Future Expectations Increasingly Optimistic

Total Mold Business Index for November 2010: 42.5

The Mold Business Index (MBI) for November 2010 is 42.5. This is an 8.8-point decrease from the October value of 51.3, and it is a 7.5-point decrease from the MBI value of 50.0 posted in November of last year. There was a drop in both the New Orders and Backlogs components for November, while most of the other components were steady. The decline in New Orders this month corresponded with the well-documented cooling in the pace of the overall U.S. recovery. Despite this slowdown, the Future Expectations sub-index indicates that moldmakers’ attitudes about future business levels are increasingly optimistic. Mold Prices are stabilizing, but Materials Prices continue to rise.

Though it will add to the budget deficit in the long-run, there should be little doubt that the tax cuts/unemployment benefits compromise reached this week by the Obama administration and congressional Republicans will be good for the economy in the short-term. The temporary tax cuts and spending increases will provide a substantial boost to GDP growth in 2011, ensuring that the tenuous economic recovery strengthens into a self-sustaining expansion. Real GDP growth in 2011 will be 4%, and job growth will be more than twice as strong as it would have been without this boost. Unemployment will be more than a percentage point lower; instead of hovering near 10% through the year, it will end 2011 well below 9%.

This is not to say that it will be smooth sailing from here on. November's employment report illustrated the struggles the recovery will experience during the next few months before it transitions to an accelerating upswing. Private sector employment growth dropped to its slowest pace since May, while the unemployment rate rose to 9.8%. The unemployment rate is still expected to peak in mid-2011 and payroll growth will accelerate in the latter half of the year. In contrast with the recent employment data, the ISM manufacturing and non-manufacturing indices for the month pointed to expansion. These positive signs suggest the employment data will be higher in coming months and the labor market is merely going through growing pains.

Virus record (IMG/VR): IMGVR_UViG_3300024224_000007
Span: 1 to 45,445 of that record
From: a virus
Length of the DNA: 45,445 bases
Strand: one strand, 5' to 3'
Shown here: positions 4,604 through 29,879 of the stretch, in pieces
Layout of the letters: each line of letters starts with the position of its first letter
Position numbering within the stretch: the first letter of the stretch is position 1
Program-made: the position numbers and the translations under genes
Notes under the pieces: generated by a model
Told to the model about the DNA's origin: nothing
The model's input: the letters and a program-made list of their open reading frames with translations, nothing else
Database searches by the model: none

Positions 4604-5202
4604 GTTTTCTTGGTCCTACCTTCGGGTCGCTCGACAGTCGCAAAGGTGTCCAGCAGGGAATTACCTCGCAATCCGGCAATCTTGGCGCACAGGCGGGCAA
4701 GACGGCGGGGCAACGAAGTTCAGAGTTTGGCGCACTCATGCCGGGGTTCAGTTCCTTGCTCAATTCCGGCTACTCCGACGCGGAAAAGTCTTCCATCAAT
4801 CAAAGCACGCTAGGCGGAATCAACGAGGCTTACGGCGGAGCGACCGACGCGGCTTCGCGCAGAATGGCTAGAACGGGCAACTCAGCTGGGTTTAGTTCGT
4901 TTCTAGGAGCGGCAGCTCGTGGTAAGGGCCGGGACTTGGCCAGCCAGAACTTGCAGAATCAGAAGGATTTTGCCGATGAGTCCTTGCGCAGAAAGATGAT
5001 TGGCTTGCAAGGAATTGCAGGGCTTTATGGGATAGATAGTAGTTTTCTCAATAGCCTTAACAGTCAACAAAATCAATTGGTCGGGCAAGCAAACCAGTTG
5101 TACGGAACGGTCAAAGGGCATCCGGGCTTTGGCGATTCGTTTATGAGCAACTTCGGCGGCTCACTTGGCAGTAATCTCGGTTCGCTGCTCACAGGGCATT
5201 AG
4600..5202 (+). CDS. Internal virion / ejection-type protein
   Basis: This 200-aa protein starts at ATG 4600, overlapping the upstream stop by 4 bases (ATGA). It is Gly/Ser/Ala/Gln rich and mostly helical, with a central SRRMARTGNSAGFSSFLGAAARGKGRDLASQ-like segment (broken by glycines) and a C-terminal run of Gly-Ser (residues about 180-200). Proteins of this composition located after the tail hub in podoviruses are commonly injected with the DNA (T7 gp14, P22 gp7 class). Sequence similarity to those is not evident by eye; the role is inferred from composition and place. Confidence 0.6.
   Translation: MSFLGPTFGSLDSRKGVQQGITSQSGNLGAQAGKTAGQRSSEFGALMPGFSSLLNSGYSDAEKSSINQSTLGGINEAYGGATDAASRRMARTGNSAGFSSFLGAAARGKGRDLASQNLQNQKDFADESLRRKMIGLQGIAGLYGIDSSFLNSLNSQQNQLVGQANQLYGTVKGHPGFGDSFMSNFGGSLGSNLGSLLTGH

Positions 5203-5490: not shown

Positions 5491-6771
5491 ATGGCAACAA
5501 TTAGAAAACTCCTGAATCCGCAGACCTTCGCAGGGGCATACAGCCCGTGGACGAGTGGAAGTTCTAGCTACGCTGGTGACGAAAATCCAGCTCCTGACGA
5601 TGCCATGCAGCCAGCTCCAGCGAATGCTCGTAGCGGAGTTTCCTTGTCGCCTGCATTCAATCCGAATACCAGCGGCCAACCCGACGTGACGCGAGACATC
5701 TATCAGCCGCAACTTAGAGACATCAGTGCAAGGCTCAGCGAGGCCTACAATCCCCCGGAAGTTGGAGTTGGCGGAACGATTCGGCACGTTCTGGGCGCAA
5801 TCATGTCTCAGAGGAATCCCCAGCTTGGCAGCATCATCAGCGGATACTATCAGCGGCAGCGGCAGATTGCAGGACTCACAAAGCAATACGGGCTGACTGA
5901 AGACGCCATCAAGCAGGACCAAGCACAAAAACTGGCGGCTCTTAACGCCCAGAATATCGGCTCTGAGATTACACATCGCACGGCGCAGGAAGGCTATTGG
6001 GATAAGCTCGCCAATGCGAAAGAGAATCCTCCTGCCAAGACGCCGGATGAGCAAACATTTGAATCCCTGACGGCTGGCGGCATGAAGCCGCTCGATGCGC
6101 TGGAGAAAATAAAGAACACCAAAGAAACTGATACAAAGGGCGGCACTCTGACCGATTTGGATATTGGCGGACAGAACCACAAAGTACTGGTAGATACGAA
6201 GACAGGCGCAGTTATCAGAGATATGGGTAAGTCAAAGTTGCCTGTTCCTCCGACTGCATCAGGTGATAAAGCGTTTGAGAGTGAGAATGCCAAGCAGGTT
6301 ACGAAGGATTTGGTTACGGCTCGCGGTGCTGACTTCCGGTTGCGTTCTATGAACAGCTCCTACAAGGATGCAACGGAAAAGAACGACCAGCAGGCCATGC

The New Orders component for our MBI indicates that the number of new projects slumped in recent weeks, as this sub-index for November is an anemic 26.2. Production activity stayed steady, as the latest Production sub-index is 52.4. The Employment component is 64.3, suggesting that hiring activity actually intensified last month. The drop in new orders pushed the Backlog component down to 26.2 for November.

The Mold Prices sub-index for November is 47.6, and while there is little evidence that mold prices are rising, our survey indicates that the rate of decline slowed in recent weeks. The prices paid for materials continue to escalate. The sub-index for Materials Prices is 59.5. Supplier Delivery Times were slower, as this sub-index is 42.9. There was a moderate decline in offshore orders for new molds, as the Export Orders sub-index is 42.9.

The most-cited problem confronting North American mold makers in recent weeks is the shortage of skilled labor. Other problems receiving multiple mentions include: uncertainty about the U.S. economic recovery; getting paid in a timely manner; pressures from customers for lower prices and shorter lead-times; and offshore competition, especially from China.

Our Injection Molding Business Index (a measure of production levels for injection molders) posted another solid increase in the third quarter of 2010 when compared with the previous year. This Index has registered growth throughout 2010, and the latest forecast calls for a gain of 7% this year. Consistent gains in the Mold Business Index depend on sustained growth of 4% to 5% in the output of injection molded products. The trend in the mold making industry lags the trend in the processing sector by about six months.

The Mold Business Index is based on a monthly survey of North American mold makers. Mountaintop Economics & Research, Inc. conducts the survey, and then calculates a diffusion index based on 50.0. A value above 50.0 for the MBI indicates that business activity expanded in the previous month, while a value below 50.0 means that business levels declined.

For More Information
Bill Wood
Mountaintop Economics & Research, Inc.
(413) 772-6436,
billwood@plasticseconomics.com
plasticseconomics.com